Learn English – Are there regional distinctions in how hiccup/hiccough is spelled


So I was a student of English was taught English right on the border between the US and Canada. My husband (who is from the Southwestern states) was reading something I wrote where I used the spelling hiccough and laughed at the spelling as he had not yet encountered it. I was wondering if there was any regionality behind how one spelling gets chosen over another in how the spelling is taught. I actually know and use both spellings (I don't know why I choose one over another in any particular circumstance).

To draw an analogy, all over BC Canada, you find "cheque" spelled as I show here. However, all over Washington State US, you find it spelled, "check." Pronunciation is the same. I'm just wondering if any one knows if there is a similarity in regard to hiccup/hiccough.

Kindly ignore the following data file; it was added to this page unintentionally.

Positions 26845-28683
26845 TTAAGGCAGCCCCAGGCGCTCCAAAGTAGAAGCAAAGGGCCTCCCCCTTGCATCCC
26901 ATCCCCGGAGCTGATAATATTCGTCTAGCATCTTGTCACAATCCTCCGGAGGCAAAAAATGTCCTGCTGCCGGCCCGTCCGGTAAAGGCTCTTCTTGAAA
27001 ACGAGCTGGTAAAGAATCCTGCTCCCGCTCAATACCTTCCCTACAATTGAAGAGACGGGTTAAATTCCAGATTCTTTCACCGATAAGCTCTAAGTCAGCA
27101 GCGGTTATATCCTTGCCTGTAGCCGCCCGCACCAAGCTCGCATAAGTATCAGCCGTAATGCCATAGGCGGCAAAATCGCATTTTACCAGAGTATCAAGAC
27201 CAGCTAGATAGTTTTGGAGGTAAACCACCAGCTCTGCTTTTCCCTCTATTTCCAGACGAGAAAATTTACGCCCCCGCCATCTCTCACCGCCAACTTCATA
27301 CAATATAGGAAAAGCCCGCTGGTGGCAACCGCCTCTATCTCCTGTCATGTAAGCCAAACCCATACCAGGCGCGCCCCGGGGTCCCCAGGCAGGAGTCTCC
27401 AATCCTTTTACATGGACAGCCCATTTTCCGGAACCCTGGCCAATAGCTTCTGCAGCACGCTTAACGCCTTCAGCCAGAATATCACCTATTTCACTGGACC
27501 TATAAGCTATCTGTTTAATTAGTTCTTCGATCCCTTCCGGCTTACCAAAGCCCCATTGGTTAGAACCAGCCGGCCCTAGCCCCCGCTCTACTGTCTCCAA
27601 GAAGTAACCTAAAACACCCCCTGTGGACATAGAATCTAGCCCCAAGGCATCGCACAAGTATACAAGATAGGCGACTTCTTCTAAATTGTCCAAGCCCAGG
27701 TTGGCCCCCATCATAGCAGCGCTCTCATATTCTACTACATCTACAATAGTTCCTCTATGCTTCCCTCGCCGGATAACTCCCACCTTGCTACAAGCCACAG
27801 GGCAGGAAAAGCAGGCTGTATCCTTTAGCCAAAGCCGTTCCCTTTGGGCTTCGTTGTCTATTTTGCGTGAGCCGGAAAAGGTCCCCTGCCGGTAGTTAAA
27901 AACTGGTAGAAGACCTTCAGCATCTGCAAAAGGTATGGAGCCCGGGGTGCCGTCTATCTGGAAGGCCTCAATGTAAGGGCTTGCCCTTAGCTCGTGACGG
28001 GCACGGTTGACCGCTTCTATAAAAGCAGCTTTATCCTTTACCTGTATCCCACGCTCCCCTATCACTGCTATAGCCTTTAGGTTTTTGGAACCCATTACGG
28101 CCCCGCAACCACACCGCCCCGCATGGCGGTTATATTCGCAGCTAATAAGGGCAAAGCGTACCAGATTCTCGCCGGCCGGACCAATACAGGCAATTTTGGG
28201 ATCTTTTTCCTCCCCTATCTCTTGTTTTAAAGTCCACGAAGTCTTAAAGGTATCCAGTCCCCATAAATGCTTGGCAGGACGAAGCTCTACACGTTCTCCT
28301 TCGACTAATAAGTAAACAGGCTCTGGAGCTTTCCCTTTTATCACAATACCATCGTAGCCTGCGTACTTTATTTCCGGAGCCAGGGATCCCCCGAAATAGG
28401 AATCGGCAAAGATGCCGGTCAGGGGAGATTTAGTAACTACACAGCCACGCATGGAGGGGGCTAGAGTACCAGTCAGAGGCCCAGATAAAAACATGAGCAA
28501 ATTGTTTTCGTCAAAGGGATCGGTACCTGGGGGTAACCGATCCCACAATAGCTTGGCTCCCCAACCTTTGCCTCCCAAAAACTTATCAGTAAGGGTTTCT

Best Answer

Hiccup is the elder of the two words but not by much. Regionalism doesn't dictate any difference in spelling and labeling either correct in an etymological sense is difficult.

hiccup (n.) 1570s, hickop, earlier hicket, hyckock, "a word meant to imitate the sound produced by the convulsion of the diaphragm" [Abram Smythe Farmer, "Folk-Etymology," London, 1882]. Cf. Fr. hoquet, Dan. hikke, etc. Modern spelling first recorded 1788; An Old English word for it was ælfsogoða, so called because hiccups were thought to be caused by elves.

hiccough 1620s, variant of hiccup (q.v.) by mistaken association with cough.

By etymological standards, both have "folk etymologies" although hiccup is the most correct. The earlier hyckock combined hyck (an onomatopoetic) with the diminutive suffix -ock. Compare that to hiccough which is derived from the same onomatopoetic "hic" sound and the mistaken combination of that with "cough." For this reason, hiccough could be called a piece of false folk etymology.

It is labeled "a mere error" by the OED. That, perhaps, says it all.

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